The idea of the right angle finder is as old as the hills. Cartier-Bresson, Helen Levitt and many other early street shooters used them. It is a small device that is attached to the viewfinder and allows you to point the camera in one direction while you appear to be looking in a different direction. You can still buy them for most modern SLR cameras. I have one for the Canon SLR I use.
In some ways, it is similar to the flip out LCD on high end point and shoots; or even the way you look down at a ground glass with a camera like the old Rollei Twin Lens. Even if you simply use it to look down at the image, rather than anything fancy like turning it so your camera is pointing off to the left or right, it makes a very big difference in how you are perceived by subjects. The idea that you are not directly looking at them, even though the camera is – well, as I say you would be surprised at the difference it makes.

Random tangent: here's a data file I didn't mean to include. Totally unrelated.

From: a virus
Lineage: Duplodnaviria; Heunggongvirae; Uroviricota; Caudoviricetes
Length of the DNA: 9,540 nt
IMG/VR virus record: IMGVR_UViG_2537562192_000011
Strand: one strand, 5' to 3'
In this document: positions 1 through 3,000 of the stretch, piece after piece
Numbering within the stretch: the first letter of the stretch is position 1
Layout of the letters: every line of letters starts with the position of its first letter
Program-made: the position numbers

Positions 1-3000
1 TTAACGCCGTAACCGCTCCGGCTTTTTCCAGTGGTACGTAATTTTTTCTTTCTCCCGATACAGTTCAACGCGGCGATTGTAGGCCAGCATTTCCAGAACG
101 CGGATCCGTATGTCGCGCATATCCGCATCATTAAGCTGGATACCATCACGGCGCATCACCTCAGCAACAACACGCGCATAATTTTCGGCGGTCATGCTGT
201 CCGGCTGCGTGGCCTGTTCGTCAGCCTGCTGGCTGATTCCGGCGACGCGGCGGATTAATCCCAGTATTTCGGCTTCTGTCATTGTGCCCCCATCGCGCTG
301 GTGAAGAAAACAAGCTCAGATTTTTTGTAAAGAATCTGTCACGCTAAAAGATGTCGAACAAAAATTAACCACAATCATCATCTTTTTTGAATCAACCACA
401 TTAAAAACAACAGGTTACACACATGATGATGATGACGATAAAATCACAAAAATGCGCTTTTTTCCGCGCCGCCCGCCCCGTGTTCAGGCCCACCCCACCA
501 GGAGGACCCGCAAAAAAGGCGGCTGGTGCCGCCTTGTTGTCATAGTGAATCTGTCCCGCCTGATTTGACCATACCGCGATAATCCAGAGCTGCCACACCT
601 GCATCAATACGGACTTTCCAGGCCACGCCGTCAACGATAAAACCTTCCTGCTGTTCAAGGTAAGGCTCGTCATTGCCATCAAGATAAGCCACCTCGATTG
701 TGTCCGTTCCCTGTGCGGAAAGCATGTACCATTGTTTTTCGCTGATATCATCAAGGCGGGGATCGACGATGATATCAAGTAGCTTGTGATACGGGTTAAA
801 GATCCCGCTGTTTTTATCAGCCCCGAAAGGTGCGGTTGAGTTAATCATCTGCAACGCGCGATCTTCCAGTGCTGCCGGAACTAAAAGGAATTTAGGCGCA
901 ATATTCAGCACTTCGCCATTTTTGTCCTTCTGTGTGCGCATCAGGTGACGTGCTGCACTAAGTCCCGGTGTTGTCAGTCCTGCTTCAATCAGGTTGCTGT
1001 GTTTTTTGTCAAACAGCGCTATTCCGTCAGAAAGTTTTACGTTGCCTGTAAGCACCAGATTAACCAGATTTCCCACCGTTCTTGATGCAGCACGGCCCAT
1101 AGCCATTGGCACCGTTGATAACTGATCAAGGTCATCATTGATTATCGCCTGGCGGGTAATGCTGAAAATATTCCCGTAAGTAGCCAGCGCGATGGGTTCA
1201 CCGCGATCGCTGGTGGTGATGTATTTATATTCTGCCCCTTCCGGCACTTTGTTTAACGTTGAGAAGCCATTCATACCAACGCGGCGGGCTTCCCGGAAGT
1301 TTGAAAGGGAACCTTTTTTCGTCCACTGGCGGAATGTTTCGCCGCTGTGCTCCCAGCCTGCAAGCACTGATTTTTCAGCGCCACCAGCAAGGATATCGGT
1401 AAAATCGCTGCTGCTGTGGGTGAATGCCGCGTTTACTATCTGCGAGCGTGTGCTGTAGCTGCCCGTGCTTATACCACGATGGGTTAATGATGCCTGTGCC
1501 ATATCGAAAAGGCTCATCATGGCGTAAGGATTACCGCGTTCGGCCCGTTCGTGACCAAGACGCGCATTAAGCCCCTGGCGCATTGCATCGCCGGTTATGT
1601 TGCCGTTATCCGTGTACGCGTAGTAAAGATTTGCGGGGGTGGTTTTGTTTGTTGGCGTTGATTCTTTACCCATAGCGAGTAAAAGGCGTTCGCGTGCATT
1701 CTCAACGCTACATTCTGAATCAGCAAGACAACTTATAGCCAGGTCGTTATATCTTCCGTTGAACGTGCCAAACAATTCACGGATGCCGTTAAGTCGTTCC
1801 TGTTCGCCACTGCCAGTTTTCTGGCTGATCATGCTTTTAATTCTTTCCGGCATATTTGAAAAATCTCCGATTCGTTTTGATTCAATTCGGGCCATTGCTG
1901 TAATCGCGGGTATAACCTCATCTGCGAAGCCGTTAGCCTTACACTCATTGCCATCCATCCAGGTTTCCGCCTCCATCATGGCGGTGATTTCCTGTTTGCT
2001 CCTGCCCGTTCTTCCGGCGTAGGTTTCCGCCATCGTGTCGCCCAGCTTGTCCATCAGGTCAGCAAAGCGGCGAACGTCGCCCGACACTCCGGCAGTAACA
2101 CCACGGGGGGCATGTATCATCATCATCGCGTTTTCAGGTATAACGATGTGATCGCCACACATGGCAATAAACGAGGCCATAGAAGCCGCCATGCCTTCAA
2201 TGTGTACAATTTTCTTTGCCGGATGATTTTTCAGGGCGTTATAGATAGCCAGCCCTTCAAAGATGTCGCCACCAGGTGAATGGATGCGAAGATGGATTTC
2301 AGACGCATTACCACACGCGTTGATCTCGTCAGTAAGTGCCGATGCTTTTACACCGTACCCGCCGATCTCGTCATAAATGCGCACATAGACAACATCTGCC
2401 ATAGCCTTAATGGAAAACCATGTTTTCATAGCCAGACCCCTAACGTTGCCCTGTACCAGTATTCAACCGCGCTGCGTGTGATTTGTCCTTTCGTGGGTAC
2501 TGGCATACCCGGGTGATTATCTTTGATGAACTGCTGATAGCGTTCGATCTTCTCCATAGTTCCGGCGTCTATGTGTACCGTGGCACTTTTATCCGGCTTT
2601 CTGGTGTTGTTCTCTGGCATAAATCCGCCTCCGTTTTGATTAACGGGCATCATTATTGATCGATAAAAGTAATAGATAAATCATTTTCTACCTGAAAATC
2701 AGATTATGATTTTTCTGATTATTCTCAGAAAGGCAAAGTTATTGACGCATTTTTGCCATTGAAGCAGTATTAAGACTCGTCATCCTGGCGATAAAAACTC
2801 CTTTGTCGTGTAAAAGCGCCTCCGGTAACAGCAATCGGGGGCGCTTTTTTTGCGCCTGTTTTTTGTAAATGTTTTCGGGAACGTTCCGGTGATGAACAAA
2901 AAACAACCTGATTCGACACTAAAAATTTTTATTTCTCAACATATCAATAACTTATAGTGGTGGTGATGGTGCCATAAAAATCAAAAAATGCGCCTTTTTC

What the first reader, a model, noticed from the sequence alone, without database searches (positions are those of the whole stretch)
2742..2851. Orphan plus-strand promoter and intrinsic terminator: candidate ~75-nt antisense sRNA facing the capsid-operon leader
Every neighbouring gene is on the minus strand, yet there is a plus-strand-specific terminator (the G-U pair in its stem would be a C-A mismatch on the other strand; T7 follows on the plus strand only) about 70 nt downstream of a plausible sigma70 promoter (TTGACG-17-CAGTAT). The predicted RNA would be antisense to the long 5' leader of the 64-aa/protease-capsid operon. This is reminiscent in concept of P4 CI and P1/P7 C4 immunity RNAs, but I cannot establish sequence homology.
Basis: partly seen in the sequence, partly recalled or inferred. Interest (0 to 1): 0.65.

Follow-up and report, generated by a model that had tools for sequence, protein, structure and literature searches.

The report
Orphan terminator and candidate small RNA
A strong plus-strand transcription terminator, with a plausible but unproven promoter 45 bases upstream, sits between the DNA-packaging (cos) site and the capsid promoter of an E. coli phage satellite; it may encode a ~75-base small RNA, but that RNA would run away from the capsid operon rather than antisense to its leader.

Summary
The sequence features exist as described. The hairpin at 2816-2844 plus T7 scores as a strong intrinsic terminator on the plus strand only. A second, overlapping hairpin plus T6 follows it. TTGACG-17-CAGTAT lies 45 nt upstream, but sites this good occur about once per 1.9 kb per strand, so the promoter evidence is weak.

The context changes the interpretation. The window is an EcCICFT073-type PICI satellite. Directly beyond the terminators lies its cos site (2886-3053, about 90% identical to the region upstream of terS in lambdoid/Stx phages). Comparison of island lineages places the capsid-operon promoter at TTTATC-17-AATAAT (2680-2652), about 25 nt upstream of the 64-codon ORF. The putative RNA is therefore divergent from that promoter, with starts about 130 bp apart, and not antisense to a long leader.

Bresson actually had a right-angle finder for his Leica which also inverted the image. Rather than being a handicap, it’s useful to be able to look at an image flipped left to right or even upside down, as with the ground glass on a view camera. It abstracts the composition in a way that makes is easier to see than if you are looking at the scene straight-on.
Modern right-angle finders don’t flip the image – but as I say – it wouldn’t be the worst thing in the world if they did.